Cost-Effectiveness of Hypertension Therapy According to 2014 Guidelines | Journal Scan
Is treating hypertension in US adults according to the 2014 guidelines cost-effective?
The Cardiovascular Disease Policy Model was used to simulate drug treatment and monitoring costs, costs averted for the treatment of cardiovascular disease (CVD), and quality-adjusted life-years (QALYs) gained by treating previously untreated adults between the ages of 35 and 74 years from 2014 through 2024. Cost-effectiveness was assessed according to age, hypertension level, and the presence or absence of chronic kidney disease or diabetes.
The full implementation of the new hypertension guidelines would result in approximately 56,000 fewer CV events and 13,000 fewer deaths from CV causes annually, which would result in overall cost savings. The projections showed that the treatment of patients with existing CVD or stage 2 hypertension would save lives and costs for men between the ages of 35 and 74 years, and for women between the ages of 45 and 74 years. The treatment of men or women with existing CVD or men with stage 2 hypertension, but without CVD would remain cost-saving even if strategies to increase medication adherence doubled treatment costs. The treatment of stage 1 hypertension was cost-effective (defined as <$50,000 per QALY) for all men and for women between the ages of 45 and 74 years, whereas treating women between the ages of 35 and 44 years with stage 1 hypertension, but without CVD had intermediate or low cost-effectiveness.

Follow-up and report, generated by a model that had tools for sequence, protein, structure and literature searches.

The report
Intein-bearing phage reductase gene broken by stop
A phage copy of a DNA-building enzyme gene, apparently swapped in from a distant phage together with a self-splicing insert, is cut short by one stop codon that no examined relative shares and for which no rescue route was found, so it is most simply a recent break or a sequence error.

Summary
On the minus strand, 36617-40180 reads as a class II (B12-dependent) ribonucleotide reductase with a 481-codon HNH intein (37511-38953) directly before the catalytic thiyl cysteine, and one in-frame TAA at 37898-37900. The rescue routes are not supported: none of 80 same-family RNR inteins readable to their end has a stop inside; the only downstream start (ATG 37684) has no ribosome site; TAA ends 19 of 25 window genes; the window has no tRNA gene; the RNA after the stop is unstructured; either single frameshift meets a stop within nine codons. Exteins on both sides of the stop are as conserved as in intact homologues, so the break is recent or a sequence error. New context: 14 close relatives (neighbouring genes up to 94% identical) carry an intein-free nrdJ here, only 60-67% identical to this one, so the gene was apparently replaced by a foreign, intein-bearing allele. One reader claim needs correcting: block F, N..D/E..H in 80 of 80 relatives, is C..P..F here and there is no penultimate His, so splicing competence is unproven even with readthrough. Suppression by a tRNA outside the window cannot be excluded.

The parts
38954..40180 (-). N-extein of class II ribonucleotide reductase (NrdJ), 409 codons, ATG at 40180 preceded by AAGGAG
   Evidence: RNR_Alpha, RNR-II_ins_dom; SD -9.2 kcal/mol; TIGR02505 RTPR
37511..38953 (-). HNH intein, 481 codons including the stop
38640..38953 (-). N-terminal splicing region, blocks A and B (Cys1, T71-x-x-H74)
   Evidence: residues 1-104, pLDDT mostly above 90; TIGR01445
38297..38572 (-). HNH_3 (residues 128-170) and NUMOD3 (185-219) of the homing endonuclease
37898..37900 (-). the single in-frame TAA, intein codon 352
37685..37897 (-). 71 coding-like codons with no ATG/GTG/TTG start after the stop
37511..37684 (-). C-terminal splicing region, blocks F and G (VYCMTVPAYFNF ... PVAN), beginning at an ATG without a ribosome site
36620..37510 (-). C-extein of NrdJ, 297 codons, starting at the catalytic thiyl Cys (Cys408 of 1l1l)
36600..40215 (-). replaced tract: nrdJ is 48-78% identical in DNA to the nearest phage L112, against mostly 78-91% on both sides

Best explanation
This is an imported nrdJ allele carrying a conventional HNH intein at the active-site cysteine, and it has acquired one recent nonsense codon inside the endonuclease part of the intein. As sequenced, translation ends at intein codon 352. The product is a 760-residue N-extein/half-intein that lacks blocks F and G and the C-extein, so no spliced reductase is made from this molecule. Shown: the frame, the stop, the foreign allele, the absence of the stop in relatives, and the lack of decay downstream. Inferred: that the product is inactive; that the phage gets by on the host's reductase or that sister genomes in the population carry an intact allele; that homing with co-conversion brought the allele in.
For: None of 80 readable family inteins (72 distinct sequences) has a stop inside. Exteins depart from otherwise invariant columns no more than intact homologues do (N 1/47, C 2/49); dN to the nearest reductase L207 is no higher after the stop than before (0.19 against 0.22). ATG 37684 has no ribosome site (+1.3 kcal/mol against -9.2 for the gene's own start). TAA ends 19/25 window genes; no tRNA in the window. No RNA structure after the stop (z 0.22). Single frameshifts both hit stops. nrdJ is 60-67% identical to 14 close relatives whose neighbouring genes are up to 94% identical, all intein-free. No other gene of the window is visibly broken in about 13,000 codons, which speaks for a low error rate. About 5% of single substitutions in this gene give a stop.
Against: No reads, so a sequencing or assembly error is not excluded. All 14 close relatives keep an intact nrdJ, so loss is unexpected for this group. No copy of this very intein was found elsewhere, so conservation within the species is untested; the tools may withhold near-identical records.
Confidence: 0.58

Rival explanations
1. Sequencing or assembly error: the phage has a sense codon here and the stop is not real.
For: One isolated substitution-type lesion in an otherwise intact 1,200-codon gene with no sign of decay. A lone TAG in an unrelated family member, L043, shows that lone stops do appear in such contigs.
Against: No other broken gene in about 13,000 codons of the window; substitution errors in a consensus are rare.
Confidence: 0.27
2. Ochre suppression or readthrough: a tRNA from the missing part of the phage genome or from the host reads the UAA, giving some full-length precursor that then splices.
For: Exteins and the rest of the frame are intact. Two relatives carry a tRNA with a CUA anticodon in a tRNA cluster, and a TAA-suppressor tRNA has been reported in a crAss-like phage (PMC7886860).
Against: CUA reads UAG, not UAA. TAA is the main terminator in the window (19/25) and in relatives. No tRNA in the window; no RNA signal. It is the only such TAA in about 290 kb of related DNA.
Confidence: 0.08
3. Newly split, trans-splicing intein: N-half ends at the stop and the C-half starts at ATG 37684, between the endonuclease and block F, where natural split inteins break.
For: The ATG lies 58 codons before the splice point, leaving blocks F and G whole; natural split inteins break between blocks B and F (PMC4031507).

The implementation of the 2014 hypertension guidelines for US adults between the ages of 35 and 74 years could potentially prevent approximately 56,000 cardiovascular events and 13,000 deaths annually, while saving costs. Controlling hypertension in all patients with CVD or stage 2 hypertension could be effective and cost-saving.
In the United States, more deaths from cardiovascular causes are attributed to elevated blood pressure than to any other risk factor. Mean blood pressure has dropped by a modest 10% since 1960, reflecting the awareness of the risk. The number of persons with hypertension is increasing, and an estimated 44% of the 64 million US adults with hypertension did not have it controlled in 2014. There is an enormous potential for improving population health by expanding treatment and improving control.
Keywords: Blood Pressure, Hypertension, Cost Savings, Cost-Benefit Analysis, Medication Adherence, Quality-Adjusted Life Years, Risk Factors
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